Most of the time when I finish a novel, I can instantly decide whether I enjoyed it or not. However with 'The Vet's Daughter', my opinion wasn't as clear straight away. In fact even now, I'm not entirely sure what to make of this novel.
It is so unusual, that at times I wasn't sure what this novel was supposed to be. It is both a novel focusing on the oppression of the Edwardian period, but also, it has elements of the supernatural. Therefore whilse reading this novel, I found it difficult to work out.
In my opinion, I think this is a good thing. The reason is because even after reading the novel, I'm still thinking about it and I have also been discussing it with my friend. Most novels I read, think 'I did/didn't enjoy that' and then more on to the next novel. So it is because 'The Vet's Daughter' is so unusual, Comyns has effectively held her audience, even after they have read the last page of her novel. I have only ever come across one other author who is able to do that and that is Guy Burt.
The main element I absolutely loved, was the atmosphere this novel portrayed. It demonstrated both the oppression of the age and also of Alice's life. There was an almost macabre atmosphere running throughout this novel, even when reading happier parts of the story. Even now, I can't quite put my finger on how Barbara Comyns was able to achieve this, but I think it's because the vocabulary is simple, therefore it has more impact than if she had used more complex language. Also the wonderful, dark visual imagery, adds to the atmosphere.
I loved Comyns characterisation. All of the characters are well rounded and I loved the underlying darkness through each character. It is evident that people such as Alice father should be portrayed as menacing, but even Alice, who is supposed to be innocent, is portrayed as imperfect, as she plays with the affections of people like Blinkers. This added interest and realism to the story.
The pace of the novel was good, but the unconventional story and ending, may leave some readers disappointed. However, I found this novel compelling, thought provoking and unlike any other book I've ever read.
I know that I have given 'The Vet's Daughter' a very mixed review, but over all, I really enjoyed reading this novel. In fact, I think that this novel deserves to be read more than once, in order to really appreciate it.
So if you like reading something that dares to be different, particularly if you enjoy watching Tim Burton films, then I would definitely recommend this novel.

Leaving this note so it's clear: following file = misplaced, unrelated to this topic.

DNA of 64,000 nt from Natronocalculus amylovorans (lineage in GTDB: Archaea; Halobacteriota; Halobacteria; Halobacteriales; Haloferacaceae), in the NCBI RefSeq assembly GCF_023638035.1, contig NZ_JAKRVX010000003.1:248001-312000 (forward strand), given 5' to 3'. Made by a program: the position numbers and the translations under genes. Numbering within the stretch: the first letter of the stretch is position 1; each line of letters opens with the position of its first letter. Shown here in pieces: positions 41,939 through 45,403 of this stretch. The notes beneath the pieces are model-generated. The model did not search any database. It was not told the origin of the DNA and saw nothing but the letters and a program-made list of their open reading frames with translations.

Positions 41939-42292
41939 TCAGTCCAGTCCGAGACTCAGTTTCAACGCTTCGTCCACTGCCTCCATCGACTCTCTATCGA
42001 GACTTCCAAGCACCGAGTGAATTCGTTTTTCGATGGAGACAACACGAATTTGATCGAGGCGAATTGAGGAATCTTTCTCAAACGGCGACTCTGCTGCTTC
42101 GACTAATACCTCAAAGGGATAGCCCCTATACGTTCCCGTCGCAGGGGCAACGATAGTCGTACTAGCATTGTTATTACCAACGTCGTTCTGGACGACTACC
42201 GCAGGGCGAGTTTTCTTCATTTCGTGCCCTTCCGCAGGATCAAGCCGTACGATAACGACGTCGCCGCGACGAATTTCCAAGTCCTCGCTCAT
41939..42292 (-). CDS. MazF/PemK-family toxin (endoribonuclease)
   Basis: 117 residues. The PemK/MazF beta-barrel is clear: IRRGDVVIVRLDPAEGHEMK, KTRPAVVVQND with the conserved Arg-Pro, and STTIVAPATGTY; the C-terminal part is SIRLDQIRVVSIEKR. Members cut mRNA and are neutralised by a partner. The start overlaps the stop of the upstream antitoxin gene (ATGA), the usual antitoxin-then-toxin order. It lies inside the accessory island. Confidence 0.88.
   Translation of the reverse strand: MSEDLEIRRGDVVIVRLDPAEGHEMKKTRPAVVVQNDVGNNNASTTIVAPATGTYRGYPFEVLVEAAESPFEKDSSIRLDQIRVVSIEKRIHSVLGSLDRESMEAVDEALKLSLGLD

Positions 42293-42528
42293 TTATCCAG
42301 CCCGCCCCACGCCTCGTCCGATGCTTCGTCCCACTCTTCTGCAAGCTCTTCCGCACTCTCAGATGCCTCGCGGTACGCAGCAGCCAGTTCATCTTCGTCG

Monday, November 8, 2010
In general, it's going well. I wrote 1833 words last week, which has taken me to the end of the 4th chapter of my short story. I have slightly clearer plans about how the plot is going to progress. However, I still have a few things to clarify for example, a few location problems and names for fictional towns. As I'm not great on geography, I seem to find it difficult too look at the landscape my characters are placed in, as a whole. I mostly concentrate on where the characters are at each specific moment and I really need to develop the landscape as a whole, so that my readers are more immersed in the story.
I have also set myself the target of finishing the first draft of this story, in 8 weeks. I could probably finish this story in less time, however, I like the idea of writing at a slower pace. This is because I like to have a little freedom to change things and this approach allows for leniency in plot, in case some element unexpectantly organically (I should really plan my stories in a more rigid way, but I just find it difficult to work like that). Also, I think that giving myself an 8 week writing plan, helps me to fit my writing around things going on the real world, like house work and other obligations that I have.
So ,week 1 has been successful I think. I just hope that I can maintain the momentum and get my story finished!
What about you? Are you participating in 'Melissa's Writing Month? Or have you set yourself any of your own writing challenges? I would love to know how you're getting on.
Sunday, November 7, 2010
Page 153:'The day after my experience in the wood began badly. No hot water was brought to my room, and only weak, cold tea and toast appeared on the break-fast-table.'
'The Vet's Daughter'- Barbara Comyns
Monday, November 1, 2010
One big problem I have, is that at the moment I have 2 projects on the go (a children's novel and a short story) and sometimes, well actually most of the time, I lack the motivation needed to finish anything. I am lucky though, because I have a fellow author friend and we meet up regularly, to encourage and help each other with our writing. This support keeps me going, but I feel that I lack a writing structure/timetable, to stick to.
This morning, whilst browsing through the newest blog posts, Melissa at 'This too...' blog highlighted something called 'MeNoWriMo' . This an initiative in which writers have to force themselves to write 50,000 words, without censoring what they write. Coincidentally a short time after reading this post, a friend sent me an article about 'MeNoWriMo' (maybe they were trying to tell to get off my butt and do some work!) and you can read it here.